Why did I become a midwife? Well I can’t say even I know the truth to that. I left school with three A-levles; Art, History and Business Studies. Not exactly scientific, is it? But I knew I had to work with people, I just had to. I couldn’t do a desk job or a 9-5 and I knew I had to help people in some way or another. I looked at nursing, teaching, social work etc but being a midwife was the only one that really struck me.
It is common knowledge that within the UK we have a national shortage of midwives, yet it is shockingly difficult to actually get into university to study. The application progress is rigorous and having good grades means very little. You need to get as much experience has humanly possible (difficult thanks to child protection laws), know your stuff (starting getting your head in the books), you need the personality and of course you need the luck. I trained for four years to be a midwife, I opted to re-do my 2nd year and in all fairness, it nearly killed me. This course we horrifically impacting on my life and the lives of my class mates, the amount of divorces that took place was unreal. I spent a large portion of my first 2nd year on antidepressants.
Unlike normal students, midwifery students work FULL TIME. We don’t have three months off for summer, we don’t have 2 hour lectures and we don’t party. We work 37.5 hours a week, every week, this is either full time in the class room or on the wards. Naturally there are many skills and competences we must learn before we qualify, such as taking blood, administering drugs and of course caring for people emotionally. On top of that WE have to deliver 40 babies normally and do hundreds of postnatal (after) and antenatal (before) checks. However, the real learning starts when you are qualified.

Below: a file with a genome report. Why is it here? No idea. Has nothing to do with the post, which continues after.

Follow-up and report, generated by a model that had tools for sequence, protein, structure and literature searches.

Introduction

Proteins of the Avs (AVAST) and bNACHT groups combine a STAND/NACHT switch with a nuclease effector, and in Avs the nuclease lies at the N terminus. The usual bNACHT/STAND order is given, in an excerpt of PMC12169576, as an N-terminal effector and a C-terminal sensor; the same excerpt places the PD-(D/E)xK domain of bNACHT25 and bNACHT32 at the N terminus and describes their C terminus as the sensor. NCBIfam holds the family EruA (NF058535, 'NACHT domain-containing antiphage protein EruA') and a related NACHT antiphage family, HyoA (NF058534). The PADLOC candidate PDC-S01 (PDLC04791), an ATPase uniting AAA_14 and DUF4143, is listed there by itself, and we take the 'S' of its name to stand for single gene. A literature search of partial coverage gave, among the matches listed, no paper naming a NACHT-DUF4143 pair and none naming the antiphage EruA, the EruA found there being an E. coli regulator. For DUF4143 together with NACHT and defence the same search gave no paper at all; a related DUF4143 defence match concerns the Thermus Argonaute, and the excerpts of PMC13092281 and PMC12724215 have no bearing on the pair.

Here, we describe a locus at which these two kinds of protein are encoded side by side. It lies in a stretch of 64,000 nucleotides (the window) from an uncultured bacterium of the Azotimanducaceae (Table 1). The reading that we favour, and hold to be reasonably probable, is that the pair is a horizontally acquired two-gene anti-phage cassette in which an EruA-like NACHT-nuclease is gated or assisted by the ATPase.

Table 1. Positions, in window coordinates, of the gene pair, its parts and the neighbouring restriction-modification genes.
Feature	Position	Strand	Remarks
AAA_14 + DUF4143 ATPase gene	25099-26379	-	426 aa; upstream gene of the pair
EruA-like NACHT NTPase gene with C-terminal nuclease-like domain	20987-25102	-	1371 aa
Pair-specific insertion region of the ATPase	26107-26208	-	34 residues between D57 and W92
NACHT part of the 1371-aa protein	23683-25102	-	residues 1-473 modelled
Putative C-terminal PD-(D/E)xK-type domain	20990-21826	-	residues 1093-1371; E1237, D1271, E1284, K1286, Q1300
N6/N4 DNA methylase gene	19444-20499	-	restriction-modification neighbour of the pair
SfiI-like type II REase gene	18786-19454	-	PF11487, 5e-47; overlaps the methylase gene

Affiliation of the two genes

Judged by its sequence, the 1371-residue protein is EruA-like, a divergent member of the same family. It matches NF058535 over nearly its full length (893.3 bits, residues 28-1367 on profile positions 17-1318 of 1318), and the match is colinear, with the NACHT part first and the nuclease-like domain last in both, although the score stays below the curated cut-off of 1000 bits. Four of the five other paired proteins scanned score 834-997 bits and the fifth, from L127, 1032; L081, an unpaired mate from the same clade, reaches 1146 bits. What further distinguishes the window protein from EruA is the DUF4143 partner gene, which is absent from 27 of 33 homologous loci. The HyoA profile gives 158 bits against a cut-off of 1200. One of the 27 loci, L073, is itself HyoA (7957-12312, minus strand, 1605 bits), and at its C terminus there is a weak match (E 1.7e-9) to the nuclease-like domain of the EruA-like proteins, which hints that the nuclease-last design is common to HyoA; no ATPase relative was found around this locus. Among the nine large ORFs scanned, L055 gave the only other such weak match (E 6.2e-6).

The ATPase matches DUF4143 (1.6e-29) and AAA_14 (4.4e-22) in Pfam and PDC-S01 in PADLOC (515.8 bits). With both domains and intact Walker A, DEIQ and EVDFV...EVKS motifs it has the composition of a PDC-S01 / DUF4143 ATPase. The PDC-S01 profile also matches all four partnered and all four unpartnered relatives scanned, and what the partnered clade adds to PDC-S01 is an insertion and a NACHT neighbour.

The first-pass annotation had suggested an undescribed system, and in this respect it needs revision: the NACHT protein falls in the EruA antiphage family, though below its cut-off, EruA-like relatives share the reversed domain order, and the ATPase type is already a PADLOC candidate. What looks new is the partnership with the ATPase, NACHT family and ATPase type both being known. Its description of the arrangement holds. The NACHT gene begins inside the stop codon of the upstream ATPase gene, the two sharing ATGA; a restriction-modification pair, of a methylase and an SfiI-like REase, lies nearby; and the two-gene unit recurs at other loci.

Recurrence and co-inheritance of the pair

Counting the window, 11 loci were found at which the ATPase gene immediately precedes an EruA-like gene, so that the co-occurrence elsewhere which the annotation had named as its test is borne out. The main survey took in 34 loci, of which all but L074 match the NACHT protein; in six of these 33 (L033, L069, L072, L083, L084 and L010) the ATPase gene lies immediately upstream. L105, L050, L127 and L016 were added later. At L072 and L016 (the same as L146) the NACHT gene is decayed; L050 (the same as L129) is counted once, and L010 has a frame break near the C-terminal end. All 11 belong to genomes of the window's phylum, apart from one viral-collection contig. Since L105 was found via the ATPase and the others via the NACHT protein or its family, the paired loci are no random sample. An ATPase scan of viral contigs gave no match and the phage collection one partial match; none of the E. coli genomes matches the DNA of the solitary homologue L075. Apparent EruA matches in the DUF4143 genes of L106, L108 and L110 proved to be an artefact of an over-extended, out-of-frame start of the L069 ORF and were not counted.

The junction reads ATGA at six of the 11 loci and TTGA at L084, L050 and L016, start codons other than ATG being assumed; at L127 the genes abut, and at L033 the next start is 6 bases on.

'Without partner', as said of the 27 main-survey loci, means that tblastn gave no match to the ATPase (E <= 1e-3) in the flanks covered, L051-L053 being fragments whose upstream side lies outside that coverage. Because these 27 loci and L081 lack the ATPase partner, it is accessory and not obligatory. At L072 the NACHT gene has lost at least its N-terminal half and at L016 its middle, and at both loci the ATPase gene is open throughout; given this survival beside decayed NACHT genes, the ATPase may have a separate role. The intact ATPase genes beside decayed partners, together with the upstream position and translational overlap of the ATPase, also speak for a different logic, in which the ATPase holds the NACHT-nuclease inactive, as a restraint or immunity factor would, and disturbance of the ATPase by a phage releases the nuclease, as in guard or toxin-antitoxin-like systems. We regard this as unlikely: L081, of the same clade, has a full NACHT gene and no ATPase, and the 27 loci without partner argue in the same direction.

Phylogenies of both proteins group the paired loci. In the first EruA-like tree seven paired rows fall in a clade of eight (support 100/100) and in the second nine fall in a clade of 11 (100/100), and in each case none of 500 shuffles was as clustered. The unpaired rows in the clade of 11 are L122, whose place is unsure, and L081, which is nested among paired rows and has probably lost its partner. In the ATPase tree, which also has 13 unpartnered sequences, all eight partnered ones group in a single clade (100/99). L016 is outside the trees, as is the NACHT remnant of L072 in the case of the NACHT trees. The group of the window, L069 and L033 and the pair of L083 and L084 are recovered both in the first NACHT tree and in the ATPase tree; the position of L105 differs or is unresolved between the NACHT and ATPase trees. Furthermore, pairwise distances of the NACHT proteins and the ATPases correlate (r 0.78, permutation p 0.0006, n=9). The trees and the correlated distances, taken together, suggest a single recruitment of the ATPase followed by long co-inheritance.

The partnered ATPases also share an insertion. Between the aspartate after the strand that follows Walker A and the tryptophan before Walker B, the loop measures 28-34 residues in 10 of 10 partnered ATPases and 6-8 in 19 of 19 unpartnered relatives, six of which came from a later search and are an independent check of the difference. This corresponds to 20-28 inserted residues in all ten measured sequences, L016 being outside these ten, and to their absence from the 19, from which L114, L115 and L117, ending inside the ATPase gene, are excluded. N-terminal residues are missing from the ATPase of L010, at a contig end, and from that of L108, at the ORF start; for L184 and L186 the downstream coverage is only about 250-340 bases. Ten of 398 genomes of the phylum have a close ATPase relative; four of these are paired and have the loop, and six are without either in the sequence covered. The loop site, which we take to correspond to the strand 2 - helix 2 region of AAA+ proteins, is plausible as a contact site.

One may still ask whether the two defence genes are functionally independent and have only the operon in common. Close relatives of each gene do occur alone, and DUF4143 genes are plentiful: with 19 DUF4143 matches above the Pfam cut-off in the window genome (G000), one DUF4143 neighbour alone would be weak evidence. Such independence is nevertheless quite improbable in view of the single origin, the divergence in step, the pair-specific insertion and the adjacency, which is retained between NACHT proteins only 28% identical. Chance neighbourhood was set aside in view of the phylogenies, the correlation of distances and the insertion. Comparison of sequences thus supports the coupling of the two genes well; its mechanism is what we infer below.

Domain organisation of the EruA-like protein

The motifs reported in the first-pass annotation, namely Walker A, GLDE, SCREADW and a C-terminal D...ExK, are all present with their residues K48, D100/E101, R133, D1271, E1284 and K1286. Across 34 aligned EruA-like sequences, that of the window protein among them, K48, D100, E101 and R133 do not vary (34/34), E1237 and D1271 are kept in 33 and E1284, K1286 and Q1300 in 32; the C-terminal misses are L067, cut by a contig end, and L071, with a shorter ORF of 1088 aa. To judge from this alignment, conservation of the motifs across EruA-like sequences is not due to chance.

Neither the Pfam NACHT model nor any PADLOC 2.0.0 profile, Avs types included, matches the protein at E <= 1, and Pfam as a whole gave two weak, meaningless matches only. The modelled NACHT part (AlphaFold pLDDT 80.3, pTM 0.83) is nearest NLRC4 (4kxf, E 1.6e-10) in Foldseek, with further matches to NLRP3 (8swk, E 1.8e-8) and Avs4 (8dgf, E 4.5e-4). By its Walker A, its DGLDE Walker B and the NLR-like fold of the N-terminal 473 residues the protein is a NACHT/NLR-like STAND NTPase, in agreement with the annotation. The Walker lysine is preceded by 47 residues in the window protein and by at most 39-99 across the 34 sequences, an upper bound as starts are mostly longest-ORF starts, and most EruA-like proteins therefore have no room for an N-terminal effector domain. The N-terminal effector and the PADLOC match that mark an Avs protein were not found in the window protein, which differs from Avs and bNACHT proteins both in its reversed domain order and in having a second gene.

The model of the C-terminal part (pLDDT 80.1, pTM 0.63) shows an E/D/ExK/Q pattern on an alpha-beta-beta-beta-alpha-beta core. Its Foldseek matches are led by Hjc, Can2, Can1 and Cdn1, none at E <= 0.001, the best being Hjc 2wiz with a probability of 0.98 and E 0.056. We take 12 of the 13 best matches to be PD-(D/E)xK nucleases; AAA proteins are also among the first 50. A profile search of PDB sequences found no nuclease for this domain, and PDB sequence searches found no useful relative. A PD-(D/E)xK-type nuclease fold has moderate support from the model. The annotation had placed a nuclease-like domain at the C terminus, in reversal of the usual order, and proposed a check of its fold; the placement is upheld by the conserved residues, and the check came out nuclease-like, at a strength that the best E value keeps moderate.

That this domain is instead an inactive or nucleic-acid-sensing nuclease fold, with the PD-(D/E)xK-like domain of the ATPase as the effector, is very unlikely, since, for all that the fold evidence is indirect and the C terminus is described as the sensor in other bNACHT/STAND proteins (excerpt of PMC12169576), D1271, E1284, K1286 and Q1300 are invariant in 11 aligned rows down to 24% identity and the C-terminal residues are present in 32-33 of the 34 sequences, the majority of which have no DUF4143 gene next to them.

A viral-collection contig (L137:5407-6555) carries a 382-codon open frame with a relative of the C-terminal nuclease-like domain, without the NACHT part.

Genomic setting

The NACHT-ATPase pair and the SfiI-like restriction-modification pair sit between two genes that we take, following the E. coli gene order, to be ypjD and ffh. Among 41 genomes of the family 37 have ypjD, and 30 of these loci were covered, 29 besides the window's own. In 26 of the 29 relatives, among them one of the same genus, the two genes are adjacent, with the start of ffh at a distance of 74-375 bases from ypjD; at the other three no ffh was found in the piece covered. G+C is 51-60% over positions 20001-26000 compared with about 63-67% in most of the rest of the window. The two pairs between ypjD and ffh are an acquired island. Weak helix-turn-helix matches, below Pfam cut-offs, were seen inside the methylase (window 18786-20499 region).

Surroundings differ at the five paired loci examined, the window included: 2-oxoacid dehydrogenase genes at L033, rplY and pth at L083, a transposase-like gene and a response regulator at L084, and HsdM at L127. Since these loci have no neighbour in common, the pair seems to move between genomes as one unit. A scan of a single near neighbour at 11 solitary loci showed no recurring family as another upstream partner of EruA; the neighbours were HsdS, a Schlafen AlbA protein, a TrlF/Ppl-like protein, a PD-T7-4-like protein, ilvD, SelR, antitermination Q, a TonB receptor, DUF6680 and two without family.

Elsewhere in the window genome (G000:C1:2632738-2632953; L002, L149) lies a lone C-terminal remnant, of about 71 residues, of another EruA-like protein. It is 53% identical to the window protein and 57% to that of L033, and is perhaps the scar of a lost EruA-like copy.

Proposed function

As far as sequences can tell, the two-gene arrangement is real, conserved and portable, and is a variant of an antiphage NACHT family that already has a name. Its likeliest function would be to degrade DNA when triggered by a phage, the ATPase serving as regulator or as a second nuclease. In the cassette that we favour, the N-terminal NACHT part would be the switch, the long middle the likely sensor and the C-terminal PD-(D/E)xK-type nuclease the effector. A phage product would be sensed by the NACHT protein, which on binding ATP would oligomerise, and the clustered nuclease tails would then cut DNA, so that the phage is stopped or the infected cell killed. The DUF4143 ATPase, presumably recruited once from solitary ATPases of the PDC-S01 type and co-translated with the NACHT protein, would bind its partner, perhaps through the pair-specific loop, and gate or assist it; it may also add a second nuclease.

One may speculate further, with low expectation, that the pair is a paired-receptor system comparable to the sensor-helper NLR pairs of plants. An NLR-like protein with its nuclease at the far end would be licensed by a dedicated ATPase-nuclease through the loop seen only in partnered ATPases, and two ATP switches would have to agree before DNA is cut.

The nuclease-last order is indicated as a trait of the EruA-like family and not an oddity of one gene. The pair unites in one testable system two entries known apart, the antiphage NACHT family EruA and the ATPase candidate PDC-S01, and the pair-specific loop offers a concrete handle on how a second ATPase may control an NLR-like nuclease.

For those that are unaware the word Midwife is Greek, it means ‘with woman’. We are neither nurses nor Doctors. We are specialists in the physical and emotional care of women and their families during pregnancy. In the UK women start seeing the midwives from early on, midwives (where safe) deliver babies and we care for them and the women immediately and for many weeks after. We work with doctors to care for women whos health or needs fall outside of the normal that we work hard to promote. Obstetrics is a radical and ever changing world. Midwives work to keep women safe but to also empower them. We encourage low risk pregnancy and birth with minimal medical intervention where it is safe.
Being a midwife means I constantly challenge what I see, hear, think and do. I am faced with some of the most amazing and humbling experiences of my life, I am faced with some of the most horrific, emotional and enraging experiences of my life but, I always have a story to tell.